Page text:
Captured without gaudy embellishment, the flowers subtly portrayed by Edouard Janssens are radiant, yet devoid of all artifice, emerging dramatically from a deep obscurity like the notes of an impromptu suite in black and white that secretly beckon us to join the ephemeral dance of passing time.
Tiptoeing between flamboyancy and reticence, audacity and hesitation, they are sometimes coyly draped, modest in their intimacy, yet often offer up an unveiled sensuality. These blooms are the anonymous and immortal witnesses of those that were once the stars of our gardens. Their uniqueness and multiplicity recalls a succession of delicate portraits of the women in our dreams, whose eternal charm they share.
Throughout this series of exquisitely restrained photographs, Edouard Janssens tirelessly invites us to seek the essential, to grasp the truth of these floral entities. To do so, he exposes them without mercy, revealing their naked and original beauty, forcing their innate character into their light. He does so in a circuitous exploration that takes him from a languid collection of petals, to the secret recesses of the sepal, to a solitary stem, brandished as the symbol of the joy of living.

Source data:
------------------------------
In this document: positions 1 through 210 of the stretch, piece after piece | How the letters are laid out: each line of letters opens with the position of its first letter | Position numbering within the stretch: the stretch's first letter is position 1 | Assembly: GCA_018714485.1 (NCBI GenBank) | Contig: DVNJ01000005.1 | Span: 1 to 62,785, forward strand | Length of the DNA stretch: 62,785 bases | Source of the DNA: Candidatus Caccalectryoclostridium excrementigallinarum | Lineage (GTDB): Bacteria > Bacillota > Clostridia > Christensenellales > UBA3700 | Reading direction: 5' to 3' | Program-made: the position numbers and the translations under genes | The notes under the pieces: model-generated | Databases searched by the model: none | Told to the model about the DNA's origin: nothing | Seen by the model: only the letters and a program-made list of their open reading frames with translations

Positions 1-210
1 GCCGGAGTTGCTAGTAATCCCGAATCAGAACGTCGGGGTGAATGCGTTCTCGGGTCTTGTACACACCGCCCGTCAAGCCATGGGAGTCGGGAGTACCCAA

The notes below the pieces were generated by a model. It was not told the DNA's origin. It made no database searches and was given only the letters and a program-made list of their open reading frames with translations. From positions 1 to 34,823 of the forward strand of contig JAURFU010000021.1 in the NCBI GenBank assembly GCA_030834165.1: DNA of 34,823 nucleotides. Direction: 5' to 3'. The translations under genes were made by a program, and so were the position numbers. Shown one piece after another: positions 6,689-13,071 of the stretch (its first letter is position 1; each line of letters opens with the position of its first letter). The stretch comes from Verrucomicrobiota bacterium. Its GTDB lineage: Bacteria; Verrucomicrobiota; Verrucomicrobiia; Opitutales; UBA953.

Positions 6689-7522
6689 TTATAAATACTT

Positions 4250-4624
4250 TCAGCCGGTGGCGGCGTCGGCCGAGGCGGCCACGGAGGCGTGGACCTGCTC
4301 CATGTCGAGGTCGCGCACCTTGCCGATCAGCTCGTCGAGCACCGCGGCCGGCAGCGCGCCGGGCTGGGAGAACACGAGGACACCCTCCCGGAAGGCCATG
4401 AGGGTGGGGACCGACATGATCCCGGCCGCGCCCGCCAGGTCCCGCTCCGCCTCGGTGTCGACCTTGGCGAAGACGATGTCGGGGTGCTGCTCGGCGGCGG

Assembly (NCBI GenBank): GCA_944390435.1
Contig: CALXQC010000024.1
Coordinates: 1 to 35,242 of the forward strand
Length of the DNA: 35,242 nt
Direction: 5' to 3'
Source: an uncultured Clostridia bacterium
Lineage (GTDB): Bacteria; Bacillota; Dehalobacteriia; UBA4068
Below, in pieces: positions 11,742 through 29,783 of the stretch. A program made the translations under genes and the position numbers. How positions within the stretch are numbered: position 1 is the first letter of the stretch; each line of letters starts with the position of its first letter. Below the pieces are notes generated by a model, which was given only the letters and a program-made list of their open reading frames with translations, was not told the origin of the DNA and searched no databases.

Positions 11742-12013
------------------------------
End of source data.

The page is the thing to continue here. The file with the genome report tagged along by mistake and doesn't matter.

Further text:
The human condition adopts the features of a plant, and the variations of light according to the ebbs and flows of position and energy acts as a replacement for the traditional dialogue between life and death. We are reminded once again of the theme of obsolescence that preoccupies the artist.
To satisfy this intense thirst for simplicity, and to push the aesthetics of shape and substance to its limit, Edouard Janssens has espoused chosen to work in black and white using medium format traditional film for this penetrating photographic series.